At last, a dockworker in an orange vest directed him to a spot behind another car—near the front, thank God, so he’d be one of the first to unload—and he could finally park. As soon as the engine was off, he dug around in his glove compartment for that pack of Dramamine he always kept handy. He was prone to seasickness when he tried to read, and he planned to spend this entire ninety-minute voyage doing exactly that.
He washed down the tablets with his coffee, and then picked up his phone and reopened the file.
It was strange how the mind perceived time. Boarding the ferry had probably taken fifteen minutes at most, and yet it had felt like he’d done a stint in stop-and-go purgatory. The ferry ride from Victoria to Port Angeles was an hour and a half, but Hunter swore he had just pulled up The World Tree again when that damned announcement came over the loudspeaker.
“Arriving in Port Angeles. Please return to your vehicles.”
More like return to reality after an all-too-short visit to Lone Wolf’s vision of Hunter’s fictional world. Grumbling, he put the phone in the cup holder again. As he waited for the boat to dock and the workers to direct him off the ramp, his mind kept wandering back to the story. He was maybe eight chapters in, and already white-knuckling the wheel because he needed to know what happened next.
Lone Wolf didn’t just love the characters of Wolf’s Landing. He understood them. He was perfectly comfortable in the driver’s seat of Detective Gabriel Hanford’s brain, and damn if he didn’t have a flawless handle on Max Fuhrman’s tics and general weirdness. None of the other fanfic writers could get Max quite right. Even Hunter himself struggled with that dude sometimes.
Someone tapped on the hood of his car. Hunter shook his head and looked up. Behind him, someone blared their horn, and the dockworker who’d tapped the hood gestured impatiently for him to move.
Christ, Lone Wolf. You’ve got me so wrapped up in my own damned characters, I turned into That Guy on the fucking ferry.
He waved an apology at the worker and the driver behind him, and got the hell off the boat. By the time he was past the border patrol and on the road, he’d all but forgotten his momentary embarrassment. Normally, it would’ve left him feeling mortified all the way home, but not today. Not when he really, really, really needed to know right fucking now what was going to happen to Gabriel after that multiverse portal had opened.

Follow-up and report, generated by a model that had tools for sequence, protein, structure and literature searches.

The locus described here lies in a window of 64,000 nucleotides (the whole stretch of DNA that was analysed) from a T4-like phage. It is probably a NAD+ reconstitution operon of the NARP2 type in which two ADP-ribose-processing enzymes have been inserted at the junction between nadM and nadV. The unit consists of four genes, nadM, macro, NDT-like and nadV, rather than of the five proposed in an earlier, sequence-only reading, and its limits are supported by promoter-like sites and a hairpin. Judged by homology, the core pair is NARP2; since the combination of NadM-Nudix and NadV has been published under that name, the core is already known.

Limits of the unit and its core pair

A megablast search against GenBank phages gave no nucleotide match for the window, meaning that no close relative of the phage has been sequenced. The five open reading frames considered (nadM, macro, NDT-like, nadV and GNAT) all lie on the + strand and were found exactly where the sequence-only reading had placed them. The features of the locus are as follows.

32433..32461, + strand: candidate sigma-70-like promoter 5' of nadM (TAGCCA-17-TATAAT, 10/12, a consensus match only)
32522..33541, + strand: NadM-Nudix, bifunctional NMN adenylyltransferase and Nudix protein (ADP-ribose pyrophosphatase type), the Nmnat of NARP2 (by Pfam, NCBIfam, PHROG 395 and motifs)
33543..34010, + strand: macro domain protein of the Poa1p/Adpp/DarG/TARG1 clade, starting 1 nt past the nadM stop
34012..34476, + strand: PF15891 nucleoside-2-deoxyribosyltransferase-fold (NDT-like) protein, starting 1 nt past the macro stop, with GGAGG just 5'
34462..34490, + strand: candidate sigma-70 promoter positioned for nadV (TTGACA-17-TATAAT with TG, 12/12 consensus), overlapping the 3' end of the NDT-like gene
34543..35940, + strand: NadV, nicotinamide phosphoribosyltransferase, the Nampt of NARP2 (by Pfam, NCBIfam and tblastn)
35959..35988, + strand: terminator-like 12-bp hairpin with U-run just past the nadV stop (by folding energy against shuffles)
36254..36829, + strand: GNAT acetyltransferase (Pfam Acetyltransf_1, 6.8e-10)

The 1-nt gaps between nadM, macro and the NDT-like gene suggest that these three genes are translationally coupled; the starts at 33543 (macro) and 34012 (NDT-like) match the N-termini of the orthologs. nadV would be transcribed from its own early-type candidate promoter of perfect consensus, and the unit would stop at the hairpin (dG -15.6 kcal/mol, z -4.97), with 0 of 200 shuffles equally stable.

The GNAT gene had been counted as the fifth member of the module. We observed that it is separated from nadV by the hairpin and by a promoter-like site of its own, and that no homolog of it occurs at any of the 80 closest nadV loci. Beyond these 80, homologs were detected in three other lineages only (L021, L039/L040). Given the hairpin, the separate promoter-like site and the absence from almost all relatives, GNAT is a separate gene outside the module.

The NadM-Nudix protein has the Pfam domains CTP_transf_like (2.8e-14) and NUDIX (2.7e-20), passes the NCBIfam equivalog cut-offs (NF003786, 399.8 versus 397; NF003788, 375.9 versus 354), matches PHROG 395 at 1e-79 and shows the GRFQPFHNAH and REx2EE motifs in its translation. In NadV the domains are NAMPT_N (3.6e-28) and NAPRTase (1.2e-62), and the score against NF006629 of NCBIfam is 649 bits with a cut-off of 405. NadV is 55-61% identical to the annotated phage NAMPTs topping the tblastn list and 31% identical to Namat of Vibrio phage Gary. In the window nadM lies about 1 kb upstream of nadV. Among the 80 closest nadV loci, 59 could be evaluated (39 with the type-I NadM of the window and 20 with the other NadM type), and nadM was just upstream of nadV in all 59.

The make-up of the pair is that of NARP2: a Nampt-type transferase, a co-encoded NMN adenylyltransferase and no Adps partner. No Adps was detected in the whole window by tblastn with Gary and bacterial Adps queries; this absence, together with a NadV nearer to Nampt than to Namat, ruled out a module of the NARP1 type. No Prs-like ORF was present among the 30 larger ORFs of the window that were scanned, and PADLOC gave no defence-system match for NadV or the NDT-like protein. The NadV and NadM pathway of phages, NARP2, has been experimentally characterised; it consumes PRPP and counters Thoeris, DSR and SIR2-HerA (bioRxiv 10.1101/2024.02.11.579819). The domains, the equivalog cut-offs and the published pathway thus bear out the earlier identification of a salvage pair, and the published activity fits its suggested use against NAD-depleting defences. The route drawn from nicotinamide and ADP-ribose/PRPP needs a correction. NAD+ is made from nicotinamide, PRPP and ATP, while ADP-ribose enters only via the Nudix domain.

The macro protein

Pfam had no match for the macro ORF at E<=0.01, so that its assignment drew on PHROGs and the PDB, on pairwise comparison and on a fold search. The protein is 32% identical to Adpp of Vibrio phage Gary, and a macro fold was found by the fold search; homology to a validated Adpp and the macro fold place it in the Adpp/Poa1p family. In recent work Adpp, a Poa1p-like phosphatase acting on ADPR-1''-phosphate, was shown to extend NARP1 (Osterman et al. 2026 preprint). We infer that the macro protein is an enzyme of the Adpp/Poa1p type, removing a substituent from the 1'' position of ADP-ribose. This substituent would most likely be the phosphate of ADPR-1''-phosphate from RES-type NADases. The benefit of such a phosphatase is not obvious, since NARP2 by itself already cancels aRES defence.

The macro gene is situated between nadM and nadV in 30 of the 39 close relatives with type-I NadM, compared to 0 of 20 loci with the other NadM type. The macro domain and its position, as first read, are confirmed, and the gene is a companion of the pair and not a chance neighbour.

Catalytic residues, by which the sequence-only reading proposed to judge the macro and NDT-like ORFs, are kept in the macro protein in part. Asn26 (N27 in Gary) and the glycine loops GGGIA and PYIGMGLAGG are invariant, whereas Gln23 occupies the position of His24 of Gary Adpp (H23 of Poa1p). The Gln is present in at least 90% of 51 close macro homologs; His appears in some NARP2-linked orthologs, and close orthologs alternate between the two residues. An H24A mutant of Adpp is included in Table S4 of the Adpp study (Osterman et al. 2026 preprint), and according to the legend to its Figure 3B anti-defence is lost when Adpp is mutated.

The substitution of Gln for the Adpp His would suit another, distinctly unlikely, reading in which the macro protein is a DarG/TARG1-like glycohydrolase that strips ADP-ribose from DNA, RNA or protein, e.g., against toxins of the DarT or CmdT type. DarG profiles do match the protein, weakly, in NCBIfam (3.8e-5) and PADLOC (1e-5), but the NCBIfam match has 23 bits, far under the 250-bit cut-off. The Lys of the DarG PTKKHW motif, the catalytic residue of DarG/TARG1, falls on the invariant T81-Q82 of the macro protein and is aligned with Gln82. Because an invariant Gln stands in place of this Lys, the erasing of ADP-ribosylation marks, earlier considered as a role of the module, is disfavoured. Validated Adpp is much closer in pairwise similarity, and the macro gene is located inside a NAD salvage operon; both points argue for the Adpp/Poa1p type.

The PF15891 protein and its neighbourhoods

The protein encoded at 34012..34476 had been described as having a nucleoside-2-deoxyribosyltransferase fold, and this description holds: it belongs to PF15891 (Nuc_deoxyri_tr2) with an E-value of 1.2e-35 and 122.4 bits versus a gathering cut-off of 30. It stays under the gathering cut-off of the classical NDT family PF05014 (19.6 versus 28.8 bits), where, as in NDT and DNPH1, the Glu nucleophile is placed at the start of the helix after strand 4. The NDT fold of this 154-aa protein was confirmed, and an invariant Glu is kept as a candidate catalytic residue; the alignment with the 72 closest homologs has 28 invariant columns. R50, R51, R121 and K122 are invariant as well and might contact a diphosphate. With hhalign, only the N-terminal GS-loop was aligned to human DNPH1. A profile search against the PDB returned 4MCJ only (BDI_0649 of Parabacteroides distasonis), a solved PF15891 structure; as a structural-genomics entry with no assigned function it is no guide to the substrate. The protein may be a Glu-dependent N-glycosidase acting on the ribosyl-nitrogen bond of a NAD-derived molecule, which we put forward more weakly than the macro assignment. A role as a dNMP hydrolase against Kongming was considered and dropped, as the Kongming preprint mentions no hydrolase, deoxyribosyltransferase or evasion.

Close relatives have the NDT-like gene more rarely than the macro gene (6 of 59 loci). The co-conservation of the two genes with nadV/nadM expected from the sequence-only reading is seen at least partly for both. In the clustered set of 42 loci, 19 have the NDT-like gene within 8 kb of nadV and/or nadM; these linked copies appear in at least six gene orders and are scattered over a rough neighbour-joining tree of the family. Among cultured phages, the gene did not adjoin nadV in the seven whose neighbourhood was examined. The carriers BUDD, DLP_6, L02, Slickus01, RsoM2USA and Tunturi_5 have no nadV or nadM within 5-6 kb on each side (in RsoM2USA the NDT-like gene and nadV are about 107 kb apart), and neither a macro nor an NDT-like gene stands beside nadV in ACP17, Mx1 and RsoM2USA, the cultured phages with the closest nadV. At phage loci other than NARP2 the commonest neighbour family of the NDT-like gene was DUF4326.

A multiverse portal. In Wolf’s Landing. How the hell had he never thought of that? It made perfect sense, and now he felt like an idiot for beating his head against the eighth book all this time when clearly this was how he should have written it. No wonder his contract forbade him from reading unpublished works—a less scrupulous author would steal Lone Wolf’s book and pretend he’d never seen it before. Any resemblance to other work is entirely coincidental, etc., etc., etc.
Hunter would never do that, of course, but he was definitely screwed now because this story was the missing link. It was the thing he’d been searching for and couldn’t put his finger on, and now he couldn’t imagine any other possible direction for the story. Shit.
But he’d deal with that later. Now, as he accelerated down the highway at a good fifteen over the posted speed limit, he had to know what happened to Gabriel.
Just a few more chapters when he got home. Then he’d email Lone Wolf back, and finally return those calls, texts, emails, smoke signals, SOSs, certified letters, and telegrams that had no doubt piled up during his twenty-four hours of training and fucking in Canada. Once he knew what was on other side of that portal, then he could put The World Tree down for a little while.
He didn’t even bother getting out of the car. Seat belt still on, keys still in the ignition, he closed the garage door behind him and picked up his phone again.
Seven chapters later, he made it into the kitchen for a cup of coffee.
Five more chapters, and his coffee had gone cold on the end table beside the couch where he’d sat down to read.
A couple of text messages came through. He ignored them. The phone rang a few times, and he swore aloud every time it jarred him out of the current scene.
Then a message came through in bright red letters that he couldn’t ignore:
Phone Battery - 20%.
What the hell? He’d just charged it in the car. It should have been good for at least seven or eight hours. It was only—
It was dark outside.
Hunter rubbed his eyes. He looked around. It had been early afternoon when he’d sat down here. Now it was dark?
Oh. Right. Because it was almost ten o’clock.
His back ached and his stomach grumbled. His throbbing head assured him that yes, it really had been hours since he’d sat down to read “a few more chapters.” Damn this nonsense of being over forty and feeling every day of it.
Grimacing and creaking, he stood and went back into the kitchen to plug in his phone. While it charged, he poured himself a cup of reheated half-day-old coffee, and as he drank it, he stared at his darkened phone. The World Tree was amazing. No two ways about it. He wondered what Lone Wolf would think if he knew who he’d sent it to. He was probably shy and socially awkward—what writer wasn’t?—and thought he was sending this book to some other fan of Wolf’s Landing. Not the author himself.
I need to know the face behind this book.